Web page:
After a successful return to sailing last month, Hurtigruten has released its plans to further ramp-up operations with 14 of 16 ships returning in August and September, according to a press release.
In addition, Hurtigruten launches a series of new itineraries in the British Isles over the coming months.
“With the safety and well-being of our guests and crew as our number one priority, the response to our successful return to sailing last month has been extremely positive from both the local communities, our guests and crew. As travel restrictions are lifted, we are now entering the next phase of our step by step return to full operation,” said Hurtigruten CEO Daniel Skjeldam.
Hurtigruten marked the return of cruising as MS Finnmarken became the first ocean cruise ship in the world to return to sailing with her June 16 departure. With limiting capacity and strict hygiene measures, Hurtigruten currently operates five ships on international and domestic Norwegian itineraries.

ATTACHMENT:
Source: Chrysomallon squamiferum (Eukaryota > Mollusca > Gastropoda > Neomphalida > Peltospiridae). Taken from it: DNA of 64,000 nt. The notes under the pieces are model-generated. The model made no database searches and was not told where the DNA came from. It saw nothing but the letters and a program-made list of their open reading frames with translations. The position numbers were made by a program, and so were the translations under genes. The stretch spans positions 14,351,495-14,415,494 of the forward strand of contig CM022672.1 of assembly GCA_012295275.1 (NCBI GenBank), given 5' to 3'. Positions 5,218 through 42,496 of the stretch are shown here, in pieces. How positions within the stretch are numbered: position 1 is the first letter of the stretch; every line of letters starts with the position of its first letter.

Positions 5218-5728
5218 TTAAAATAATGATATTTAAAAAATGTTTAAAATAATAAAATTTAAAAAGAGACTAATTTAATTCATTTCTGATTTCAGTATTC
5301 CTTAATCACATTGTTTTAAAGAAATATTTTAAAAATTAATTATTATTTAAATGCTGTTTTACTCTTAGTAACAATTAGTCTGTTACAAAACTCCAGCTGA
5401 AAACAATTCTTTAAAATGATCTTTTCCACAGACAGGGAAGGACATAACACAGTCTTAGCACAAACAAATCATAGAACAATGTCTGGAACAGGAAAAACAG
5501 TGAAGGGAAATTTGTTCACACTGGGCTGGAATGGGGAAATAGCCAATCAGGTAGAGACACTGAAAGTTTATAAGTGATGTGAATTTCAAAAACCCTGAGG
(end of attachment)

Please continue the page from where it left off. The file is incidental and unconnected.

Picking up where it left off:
- Hurtigruten marks the return of Arctic expedition cruising, as the MS Roald Amundsen and MS Spitsbergen will sail in July and will offer six- to 15-day voyages on the Arctic archipelago of Svalbard.
- Step by step, seven additional ships will be introduced on the Bergen to Kirkenes voyage along the Norwegian coast in August and September. Four ships are currently sailing the route.
- Hurtigruten said it is launching a series of exclusive British Isles itineraries on the MS Roald Amundsen. Departing from Portsmouth (Sep 2), Liverpool (Sep 7 and 17) and Glasgow (Sep 12), the short expedition cruises will take guests to off-the-beaten-track destinations such as Isles of Scilly, Fowey, Rathlin Island, Fortwilliam, Oban, Fishguard and Waterford.
“We are thrilled to announce our new British Isles itineraries, and put a lot of pride into handpicking the destinations. We wanted to make sure guests can enjoy the British Isles like never before, visiting remote isles, seeing rugged nature and amazing wildlife, and enjoying charming coastal cities, towns and villages while avoiding the mass tourism crowds,” noted Skjeldam.